So before I set about giving away at Christmastime the massive collection of different flavours of Kit Kat that I’d amassed (56, give or take), I decided to catalogue and take a few photos. I owned everything you see in the photos, at one point or another.
Shown flavours include Green Tea, Cola/Lemon Soda dbl pack, Cherry Blossom Green Tea, Bitter Almond, Sweetened toasted soy flour with mochi (I think), Cherry, Raspberry, Cherry Blossom Milk Tea, Semi-Sweet, Sparkling Strawberry (different than regular strawberry), vanilla, royal milk tea.
This might be a better view. Here at the left we can see apple and Melon, and along the bottom we see Ginger Ale, Dark Chocolate, Dark Chocolate Chunky, Green Tea Chunky, Sweet Potato Chunky, Banana Chunky.
I had amassed a lot of some flavours, and very few of others. Some were rarer and harder to find. Some were given as gifts. Some are… well, they’re old. I mean I’ve kept them in the fridge, but I might’ve been keeping Ginger Ale in the fridge since it was released 3 years ago. Luckily shitty chocolate has infinite shelf life.
Here’s a few of the single ones I have. That’s regular (yeah, they’ve got regular Kit Kats in Japan), Sweet Potato, Chestnut maybe, Anin dofu (a desert made of tofu that tastes like marzipan), and the ubiqutous cheese.
These little mini-kit-kats would be sold by the bag, 20 a piece. It’s part of the culture of Japan, of sharing things particularly in the workplace. You bring in a bag of unique candy, and they’re usually themed by season (warm sweet potatoes for the winter) or by location, and then you bring back a ‘to-share’ bag to the office to show and tell and share about wherever it is you went.
The Cheese Kit Kats come in a gift-box.
Here we have… well, the giftsets of Kit Kat. They come in pretty boxes with 12 little mini Kit Kats in them, and these are the upscale buy-them and share-them Kit Kats. They’re awesome.
Also notice: they have city or region names on them. Funny story, this is because these are generally only sold in the area listed. Go to Yokohama, get the Strawberry Cheese Cake Kit Kat. Or, apparently, Anin Dofu is also a Yokohama flavour. Kawagoe for Sweet Potato, Shizuoka for Wasabi. I’m sure there is greater cultural significance to this that’s lost on me, but frankly? It’s not that important.
You see, all of these items are ALSO available at Narita Airport. All of the gift-set flavours shown, plus a healthy assortment of the small bar/boxes. There’s a specialty foods shop or candy shop, near the food court, on the 4t floor of Terminal 1. It is import Kit Kat mecha. I found 4 flavours in Tokyo that they didn’t have at this shop. I found 14 flavours at that shop that I never saw anywhere in Tokyo. It’s worth finding, and don’t stop at the first shop that sells Wasabi or Sakura Kit Kats. Keep up the search!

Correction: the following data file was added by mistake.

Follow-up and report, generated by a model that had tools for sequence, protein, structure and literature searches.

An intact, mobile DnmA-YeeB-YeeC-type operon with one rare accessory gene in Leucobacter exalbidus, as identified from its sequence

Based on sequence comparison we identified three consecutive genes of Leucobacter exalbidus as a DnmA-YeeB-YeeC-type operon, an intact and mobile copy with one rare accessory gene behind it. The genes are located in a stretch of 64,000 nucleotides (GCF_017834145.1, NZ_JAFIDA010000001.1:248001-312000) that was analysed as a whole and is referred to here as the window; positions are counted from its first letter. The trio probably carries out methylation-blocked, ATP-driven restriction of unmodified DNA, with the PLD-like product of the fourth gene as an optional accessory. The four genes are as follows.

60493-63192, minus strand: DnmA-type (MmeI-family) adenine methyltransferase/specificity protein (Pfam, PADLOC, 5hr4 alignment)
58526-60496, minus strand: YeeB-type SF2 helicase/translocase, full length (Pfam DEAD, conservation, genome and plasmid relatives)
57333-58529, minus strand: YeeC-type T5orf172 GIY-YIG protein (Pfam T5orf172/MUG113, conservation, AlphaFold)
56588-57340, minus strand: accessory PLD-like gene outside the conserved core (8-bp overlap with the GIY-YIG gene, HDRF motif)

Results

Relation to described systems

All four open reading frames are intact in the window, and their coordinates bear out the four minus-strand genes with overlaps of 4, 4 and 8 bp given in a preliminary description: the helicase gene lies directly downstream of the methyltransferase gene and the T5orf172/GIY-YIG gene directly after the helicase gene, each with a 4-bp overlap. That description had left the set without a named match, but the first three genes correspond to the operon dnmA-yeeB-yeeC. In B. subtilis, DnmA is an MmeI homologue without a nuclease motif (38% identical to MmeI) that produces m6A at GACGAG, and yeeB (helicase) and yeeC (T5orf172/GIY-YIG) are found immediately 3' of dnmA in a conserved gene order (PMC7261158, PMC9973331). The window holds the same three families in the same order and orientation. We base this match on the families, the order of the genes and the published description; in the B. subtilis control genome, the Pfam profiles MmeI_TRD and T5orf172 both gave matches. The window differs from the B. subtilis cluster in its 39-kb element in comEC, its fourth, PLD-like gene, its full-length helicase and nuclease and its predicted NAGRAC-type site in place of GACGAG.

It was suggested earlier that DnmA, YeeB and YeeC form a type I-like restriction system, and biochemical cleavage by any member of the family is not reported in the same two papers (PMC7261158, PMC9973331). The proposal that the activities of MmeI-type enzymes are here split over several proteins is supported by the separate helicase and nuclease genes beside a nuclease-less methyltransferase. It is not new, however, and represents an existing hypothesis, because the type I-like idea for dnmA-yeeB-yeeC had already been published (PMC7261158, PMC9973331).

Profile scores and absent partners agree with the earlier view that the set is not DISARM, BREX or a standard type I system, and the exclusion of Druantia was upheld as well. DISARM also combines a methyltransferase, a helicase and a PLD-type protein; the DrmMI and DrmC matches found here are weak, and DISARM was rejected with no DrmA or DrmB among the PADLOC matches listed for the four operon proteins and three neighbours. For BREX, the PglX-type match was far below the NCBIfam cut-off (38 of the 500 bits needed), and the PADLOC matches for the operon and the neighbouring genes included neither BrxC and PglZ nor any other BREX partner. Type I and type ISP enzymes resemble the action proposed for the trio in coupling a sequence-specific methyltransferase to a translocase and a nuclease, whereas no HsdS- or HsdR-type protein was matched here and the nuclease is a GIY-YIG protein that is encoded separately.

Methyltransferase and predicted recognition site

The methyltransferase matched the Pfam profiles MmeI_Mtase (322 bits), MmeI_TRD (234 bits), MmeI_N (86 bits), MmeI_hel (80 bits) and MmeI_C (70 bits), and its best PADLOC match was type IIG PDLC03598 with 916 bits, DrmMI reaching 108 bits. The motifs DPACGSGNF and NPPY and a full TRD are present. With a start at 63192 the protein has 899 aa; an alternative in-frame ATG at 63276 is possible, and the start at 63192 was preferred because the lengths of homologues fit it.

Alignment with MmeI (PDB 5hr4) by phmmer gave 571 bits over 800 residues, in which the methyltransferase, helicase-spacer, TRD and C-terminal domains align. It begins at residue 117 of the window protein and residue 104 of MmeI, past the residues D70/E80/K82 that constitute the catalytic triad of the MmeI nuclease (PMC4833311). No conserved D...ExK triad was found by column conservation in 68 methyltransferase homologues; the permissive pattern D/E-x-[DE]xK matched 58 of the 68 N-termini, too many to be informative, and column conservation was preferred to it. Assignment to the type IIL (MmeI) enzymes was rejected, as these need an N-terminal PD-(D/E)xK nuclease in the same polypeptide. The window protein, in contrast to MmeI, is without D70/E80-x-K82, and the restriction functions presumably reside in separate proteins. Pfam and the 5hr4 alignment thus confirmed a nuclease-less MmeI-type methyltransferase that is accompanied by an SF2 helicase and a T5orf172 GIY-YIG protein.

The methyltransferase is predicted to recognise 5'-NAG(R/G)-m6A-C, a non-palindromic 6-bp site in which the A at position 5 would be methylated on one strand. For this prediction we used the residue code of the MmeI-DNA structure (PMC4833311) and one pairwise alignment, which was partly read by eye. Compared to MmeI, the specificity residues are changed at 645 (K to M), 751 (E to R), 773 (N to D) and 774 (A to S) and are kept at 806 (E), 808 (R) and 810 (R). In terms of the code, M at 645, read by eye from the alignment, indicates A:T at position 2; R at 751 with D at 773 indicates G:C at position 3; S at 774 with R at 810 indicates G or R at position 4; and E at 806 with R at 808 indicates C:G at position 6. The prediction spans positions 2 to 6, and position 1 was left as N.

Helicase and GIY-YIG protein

So I realize this is crazy.
I don’t really collect much of anything more. I’ve stopped buying most comics, I get rid of graphic novels as often as I buy new ones. I kinda hit critical mass on the toys, and I only picked up one or two on each of the last few trips to Japan. But the urge to collect hasn’t gone away. For example: I also have a slightly disturbing collection of miniature foods… I buy them when I miss being in Japan, or just to cheer me up. Kind of like the Kit Kats. Though I assure you my current weight has almost nothing to do with them. The irony of my insane collection of chocolate? I don’t have much of a sweet tooth, I’m much more of a fan of potato chips than cookies.
I just like unique and strange things, and unique and strange flavours, and the combination of the familiar and the outre and the fact that a lot of them taste pretty delicious.
But to the outside observer, like my husband whom I dragged into no fewer than 100 Japanese convenience stores looking for “rare Kit Kats”, this must seem insane. I am, literally, hoarding food. That’s the kind of behaviour that gets you put on special television shows.
I don’t want to be on a special television show.
So at Christmas I put one of every flavour I had into a bag and put that away, collection intact. Then I spent a month giving away everything else. Sharing it with friends in the spirit of the season. Except for a small bowl of singles sitting on the table leftover from my Christmas party, they’re all gone now. They were delicious, and weird, and outre. Adventurous friends tried some, less-adventurous friends pretended to (I found a sealed Wasabi Kit Kat on my bookshelf a few days ago). But yeah, now I am no longer… Well alright maybe I am crazy because I still kept one of each, but at least that’s a blogging project.